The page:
VV Brown, singer, songwriter, producer and ethical fashion entrepreneur, gave a lovely presentation on identity and black hair. She gave a personal and serious take on issues of identity and appropriation which have been explored (from another angle) inÂ Chris Rockâ€™s Good Hair (2009). As well as the rich culture of black hairdressing and hugely problematic nature of hair relaxants, weaves, and hair care regimes (including some extreme acids) that are focused on pressuring black women to meet an unobtainable and undesirable white hair ideal. She also spoke from her experience of the modelling industry and it’s incapability of dealing with black hair, whilst simultaneously happily engaging inÂ cultural appropriation, braiding corn rows into whiteÂ celebrities hair. V.V. followed up her talk with a live performance, of “Shift” (see video below), a song which she explained was inspired by the gay rights movement, and particularly black gay men in New York expressing themselves and their sexuality.
The final invited speaker was Ben Garrod, a Teaching Fellow in evolutionary biology at Anglia Ruskin University as well as aÂ science communicator and broadcaster who has worked with David Attenborough and is on the Board of Trustees for theÂ Jane Goodall Institute. Ben spoke about the power of the individual in a community, bringing in the idea of identity amongst animals, that the uniqueness of the chimps he worked with as part of Jane Goodallâ€™s team. He also had us all join in a Pant-hoot – an escalating group chimp call, to illustrate the power of both the individual and the community.
In amongst the speakers were a range of videos –Â lovely selections thatÂ I gather (and believe) aÂ student team spent months selecting from a huge amount of TED content. However, the main strand of the programme were a group of student presentations and performancesÂ which were quite extraordinary.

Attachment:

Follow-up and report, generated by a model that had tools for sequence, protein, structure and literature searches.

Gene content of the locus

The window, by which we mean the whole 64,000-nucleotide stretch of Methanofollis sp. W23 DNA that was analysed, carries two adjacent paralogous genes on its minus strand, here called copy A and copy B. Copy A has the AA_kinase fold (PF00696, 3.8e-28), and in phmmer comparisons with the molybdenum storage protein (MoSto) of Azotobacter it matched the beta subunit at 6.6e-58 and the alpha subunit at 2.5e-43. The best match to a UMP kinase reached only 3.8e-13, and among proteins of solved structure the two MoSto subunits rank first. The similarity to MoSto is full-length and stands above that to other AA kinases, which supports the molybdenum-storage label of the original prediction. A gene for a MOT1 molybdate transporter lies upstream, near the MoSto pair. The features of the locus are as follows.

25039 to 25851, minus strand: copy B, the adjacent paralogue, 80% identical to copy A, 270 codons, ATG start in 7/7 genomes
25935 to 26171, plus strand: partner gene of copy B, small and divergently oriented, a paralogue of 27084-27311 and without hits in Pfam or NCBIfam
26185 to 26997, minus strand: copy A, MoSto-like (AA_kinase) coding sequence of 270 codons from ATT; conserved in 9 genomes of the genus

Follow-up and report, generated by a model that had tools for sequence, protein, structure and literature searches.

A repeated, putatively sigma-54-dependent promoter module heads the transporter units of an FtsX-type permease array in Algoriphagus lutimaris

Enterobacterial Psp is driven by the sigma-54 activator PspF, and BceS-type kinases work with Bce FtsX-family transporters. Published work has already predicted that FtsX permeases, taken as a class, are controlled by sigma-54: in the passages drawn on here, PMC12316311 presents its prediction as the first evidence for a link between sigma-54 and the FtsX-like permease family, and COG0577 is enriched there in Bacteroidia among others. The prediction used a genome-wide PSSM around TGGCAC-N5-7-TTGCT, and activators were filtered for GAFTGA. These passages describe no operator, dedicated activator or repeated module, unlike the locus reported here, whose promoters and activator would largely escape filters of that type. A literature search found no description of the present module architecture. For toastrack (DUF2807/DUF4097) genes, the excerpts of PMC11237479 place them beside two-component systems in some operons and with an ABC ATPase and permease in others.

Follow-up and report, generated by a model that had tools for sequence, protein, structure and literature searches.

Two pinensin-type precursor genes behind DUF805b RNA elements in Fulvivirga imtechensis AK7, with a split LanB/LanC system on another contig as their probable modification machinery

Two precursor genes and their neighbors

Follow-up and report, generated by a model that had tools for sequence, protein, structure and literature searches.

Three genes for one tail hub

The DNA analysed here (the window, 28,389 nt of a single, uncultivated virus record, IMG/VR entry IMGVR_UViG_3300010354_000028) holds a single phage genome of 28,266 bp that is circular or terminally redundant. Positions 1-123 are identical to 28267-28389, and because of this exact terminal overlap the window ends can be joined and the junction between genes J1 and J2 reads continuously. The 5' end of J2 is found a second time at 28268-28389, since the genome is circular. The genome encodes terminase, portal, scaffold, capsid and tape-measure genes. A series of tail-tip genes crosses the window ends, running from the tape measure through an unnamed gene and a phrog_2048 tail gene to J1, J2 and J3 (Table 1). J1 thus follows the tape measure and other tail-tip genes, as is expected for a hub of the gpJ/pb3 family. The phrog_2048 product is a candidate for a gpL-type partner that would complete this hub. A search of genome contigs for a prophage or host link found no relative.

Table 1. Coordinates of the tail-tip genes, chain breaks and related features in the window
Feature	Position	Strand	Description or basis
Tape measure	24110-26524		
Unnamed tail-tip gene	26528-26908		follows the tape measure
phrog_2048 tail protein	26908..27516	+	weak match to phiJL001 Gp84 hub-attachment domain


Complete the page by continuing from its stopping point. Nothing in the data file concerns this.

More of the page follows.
Highlights for me included Imogen Walsh, who spoke about the fluidity of gender and explained the importance of choice, the many forms of non-binary or genderqueer identity, the use of pronouns like they and Mx and the importance of not singling people out, or questioning them,Â for buying non gender-conforming, their choice of bathroom, etc. Because, well, why is it anyone else’s business?
Sophie Baxter talked about being a gay teen witnessing the global response to the Pulse nightclub shootingÂ and the fear and reassurance that wider public response to this had provided. She also highlighted the importance of having an LGBT community since for most LGBT young people their own immediate biological/adoptive familyÂ may not, no matter how supportive, have aÂ shared experience to draw upon, to understand challenges or concerns faced.
Maddie Travers and Nina Holland-Jones described a visit to Auschwitz (they had actually landed the night before the event) reflecting on what that experience of visiting the site hadÂ meant to them, and what it said about identity. They particularly focused onÂ the pain and horror of stripping individual identity, treating camp prisonersÂ (and victims) as a group that denied their individuality at the same time as privileging some individualsÂ for special skills and contributions that extended their life and made them useful to the Nazi regime.